Telling Women They Don't Need to Lose Weight Doesn't Do Them Any Favors

weight loss errorI never thought I'd be complaining about someone telling me I looked good. Then I started trying to lose weight. More to the point, I actually started admitting to people that I was actively trying to lose weight.

That's when the compliments suddenly rolled forth. "Oh, you look fine!" "But you're not fat!" "You don't need to lose weight!"

Folks! It may not be polite to tell someone they're overweight, but can we stop with the faux praise? You're not making things any easier on us!


I never really expected to stumble on compliments in my quest to lose weight, at least not at this juncture. Maybe six months down the road, by which point I hope to have shed a chunk of the more than 30 extra pounds weighing me down?

What I'm finding is a puzzling combination of the "fat acceptance" or "body acceptance" and politeness being used against women who are really trying to do something good for themselves.

The hard part of battling both is that neither is ill-intentioned.

Take the body acceptance movement part of it. Body acceptance is focused on empowering people, allowing us to love ourselves at every size. It's a great movement with a great message.

It only becomes a problem when it's misused, when it becomes less about loving your body than it does loving your size.

Confused? Maybe this example will help.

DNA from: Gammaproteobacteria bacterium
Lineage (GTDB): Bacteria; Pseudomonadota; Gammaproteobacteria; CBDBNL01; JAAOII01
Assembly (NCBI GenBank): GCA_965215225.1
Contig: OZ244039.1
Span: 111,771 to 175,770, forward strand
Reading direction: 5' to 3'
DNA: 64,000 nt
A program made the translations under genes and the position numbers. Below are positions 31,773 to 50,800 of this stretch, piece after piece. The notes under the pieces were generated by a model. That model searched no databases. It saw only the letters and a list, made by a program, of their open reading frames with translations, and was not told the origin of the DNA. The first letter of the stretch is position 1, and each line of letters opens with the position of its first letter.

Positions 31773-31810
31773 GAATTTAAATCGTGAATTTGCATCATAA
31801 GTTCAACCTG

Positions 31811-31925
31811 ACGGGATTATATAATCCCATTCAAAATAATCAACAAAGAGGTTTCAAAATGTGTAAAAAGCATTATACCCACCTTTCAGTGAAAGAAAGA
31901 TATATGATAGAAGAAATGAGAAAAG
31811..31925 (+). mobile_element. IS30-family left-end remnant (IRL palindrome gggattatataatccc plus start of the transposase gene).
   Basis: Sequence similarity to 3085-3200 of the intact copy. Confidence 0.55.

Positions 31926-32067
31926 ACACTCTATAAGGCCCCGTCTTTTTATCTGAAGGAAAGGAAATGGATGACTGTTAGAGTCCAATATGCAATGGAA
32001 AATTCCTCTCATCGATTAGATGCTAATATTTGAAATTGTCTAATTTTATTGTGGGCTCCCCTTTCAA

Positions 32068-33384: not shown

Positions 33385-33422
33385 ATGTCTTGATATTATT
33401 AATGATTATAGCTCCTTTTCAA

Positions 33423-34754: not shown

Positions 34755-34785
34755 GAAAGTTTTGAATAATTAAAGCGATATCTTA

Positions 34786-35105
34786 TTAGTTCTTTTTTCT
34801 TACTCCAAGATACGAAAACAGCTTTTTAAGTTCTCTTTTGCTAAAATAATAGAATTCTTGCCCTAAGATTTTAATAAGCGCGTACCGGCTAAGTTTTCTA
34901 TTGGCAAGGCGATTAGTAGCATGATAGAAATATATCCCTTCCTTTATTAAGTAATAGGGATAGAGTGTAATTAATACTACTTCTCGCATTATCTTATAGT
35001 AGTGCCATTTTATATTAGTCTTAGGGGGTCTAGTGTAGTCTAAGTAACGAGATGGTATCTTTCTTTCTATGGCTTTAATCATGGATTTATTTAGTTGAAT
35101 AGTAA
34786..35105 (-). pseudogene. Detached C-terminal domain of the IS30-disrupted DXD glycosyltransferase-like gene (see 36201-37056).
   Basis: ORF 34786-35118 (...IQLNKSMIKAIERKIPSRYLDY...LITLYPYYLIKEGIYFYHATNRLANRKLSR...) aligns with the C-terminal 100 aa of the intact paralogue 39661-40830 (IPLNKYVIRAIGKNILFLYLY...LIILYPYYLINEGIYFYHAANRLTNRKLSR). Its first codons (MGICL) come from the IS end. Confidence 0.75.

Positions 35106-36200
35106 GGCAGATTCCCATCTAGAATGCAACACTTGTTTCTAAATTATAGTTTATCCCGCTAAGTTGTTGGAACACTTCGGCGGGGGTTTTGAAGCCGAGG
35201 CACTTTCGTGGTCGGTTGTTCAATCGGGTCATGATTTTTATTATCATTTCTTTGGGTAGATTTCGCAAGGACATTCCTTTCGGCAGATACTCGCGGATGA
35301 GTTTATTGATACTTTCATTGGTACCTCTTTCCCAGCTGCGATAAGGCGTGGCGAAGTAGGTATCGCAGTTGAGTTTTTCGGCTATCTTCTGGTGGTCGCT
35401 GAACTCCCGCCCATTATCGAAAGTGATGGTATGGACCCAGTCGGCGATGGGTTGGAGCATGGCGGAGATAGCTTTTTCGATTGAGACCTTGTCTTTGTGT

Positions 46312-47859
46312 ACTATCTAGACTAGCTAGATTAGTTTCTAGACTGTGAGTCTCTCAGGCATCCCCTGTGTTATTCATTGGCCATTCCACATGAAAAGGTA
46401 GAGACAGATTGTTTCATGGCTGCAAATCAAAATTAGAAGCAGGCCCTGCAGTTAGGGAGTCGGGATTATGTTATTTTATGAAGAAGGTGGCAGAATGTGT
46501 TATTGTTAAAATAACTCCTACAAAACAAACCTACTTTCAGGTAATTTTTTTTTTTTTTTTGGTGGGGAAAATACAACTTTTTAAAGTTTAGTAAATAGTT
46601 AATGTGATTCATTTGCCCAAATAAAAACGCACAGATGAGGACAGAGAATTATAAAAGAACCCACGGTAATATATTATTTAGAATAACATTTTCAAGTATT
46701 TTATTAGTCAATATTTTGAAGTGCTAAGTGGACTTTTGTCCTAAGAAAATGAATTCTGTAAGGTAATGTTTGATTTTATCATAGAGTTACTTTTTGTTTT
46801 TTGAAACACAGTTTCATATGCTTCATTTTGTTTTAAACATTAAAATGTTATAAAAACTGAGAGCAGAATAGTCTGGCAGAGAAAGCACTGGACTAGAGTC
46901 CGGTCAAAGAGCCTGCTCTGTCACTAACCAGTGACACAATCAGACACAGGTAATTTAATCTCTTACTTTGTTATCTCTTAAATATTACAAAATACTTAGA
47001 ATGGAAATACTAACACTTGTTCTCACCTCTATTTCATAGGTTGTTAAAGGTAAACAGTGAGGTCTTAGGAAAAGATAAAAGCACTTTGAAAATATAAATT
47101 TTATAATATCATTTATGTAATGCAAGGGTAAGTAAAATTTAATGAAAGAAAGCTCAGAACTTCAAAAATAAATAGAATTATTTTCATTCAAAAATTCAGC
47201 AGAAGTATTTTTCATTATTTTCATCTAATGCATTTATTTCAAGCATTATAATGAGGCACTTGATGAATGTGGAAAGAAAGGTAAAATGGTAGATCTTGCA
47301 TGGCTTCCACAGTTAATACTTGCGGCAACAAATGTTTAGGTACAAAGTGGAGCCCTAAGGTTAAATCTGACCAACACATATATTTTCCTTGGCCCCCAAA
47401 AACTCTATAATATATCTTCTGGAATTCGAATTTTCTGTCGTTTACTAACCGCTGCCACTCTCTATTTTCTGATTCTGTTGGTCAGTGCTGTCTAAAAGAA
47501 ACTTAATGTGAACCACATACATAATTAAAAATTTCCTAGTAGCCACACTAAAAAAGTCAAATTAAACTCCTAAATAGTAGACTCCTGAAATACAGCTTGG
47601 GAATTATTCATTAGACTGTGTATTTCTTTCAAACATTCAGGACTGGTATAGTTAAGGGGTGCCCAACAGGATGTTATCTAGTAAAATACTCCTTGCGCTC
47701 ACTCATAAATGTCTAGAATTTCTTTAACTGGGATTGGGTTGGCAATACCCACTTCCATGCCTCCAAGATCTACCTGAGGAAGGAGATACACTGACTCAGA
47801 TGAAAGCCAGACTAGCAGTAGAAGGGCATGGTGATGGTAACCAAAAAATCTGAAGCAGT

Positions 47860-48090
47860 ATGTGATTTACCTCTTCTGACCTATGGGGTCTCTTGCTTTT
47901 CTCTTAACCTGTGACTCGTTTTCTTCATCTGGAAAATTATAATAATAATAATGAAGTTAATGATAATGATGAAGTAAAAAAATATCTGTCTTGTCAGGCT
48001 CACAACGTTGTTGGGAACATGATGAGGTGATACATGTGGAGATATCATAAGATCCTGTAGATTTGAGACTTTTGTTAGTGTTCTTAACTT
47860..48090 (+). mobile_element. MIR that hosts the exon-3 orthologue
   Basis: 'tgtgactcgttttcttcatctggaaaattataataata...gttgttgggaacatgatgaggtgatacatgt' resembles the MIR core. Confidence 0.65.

Since admitting that I am a recovering bulimic who is worried that even my attempts to lose weight the healthy way (lots of exercise, counting calories) could trigger a return to my old ways, I encountered one person who essentially told me I shouldn't risk it. My past eating disorder, they insisted, was an indication of a lack of self esteem (true), and what I really need is to grow said esteem and learn to love my body.

Not true. For the sake of my health, I need to lose weight. And while I need to learn to love myself, I don't need to learn to love my risk of heart disease or diabetes.

Body acceptance is not about trapping someone in any one particular body.

Then there's politeness side of it all. Some people simply don't know what to say, so they err on the side of praise. "Oh, you look great" is meant to make someone feel good. Unfortunately, it just makes you seem untrustworthy. And for a recovering bulimic, someone who has never known how to look objectively at my own body, it's confusing.

I was the girl who thought she was absolutely disgusting at 118 (on a frame that I should note really should carry around 130 pounds). I wonder:

Are they right?

Am I overreacting?

Am I doing it to myself again?

Yes, they meant well, but it backfired.

Do I need to hear I look great? From my husband, maybe. It would be nice to have the man I love tell me that he loves me no matter what, and that I'm still sexy in his eyes.

Buuuuuuuut ... the rest of the world could just can it

When someone says they're trying to lose weight, they neither want nor need to hear that they shouldn't do it! If you really want to be nice, offer to work out together or just a plain old "you go girl."

That's enough, really.

You don't have to make us feel better about ourselves. We're already working on that.

Does it bother you when someone tells you that you don't have to lose weight?


Image via -PaulH-/Flickr

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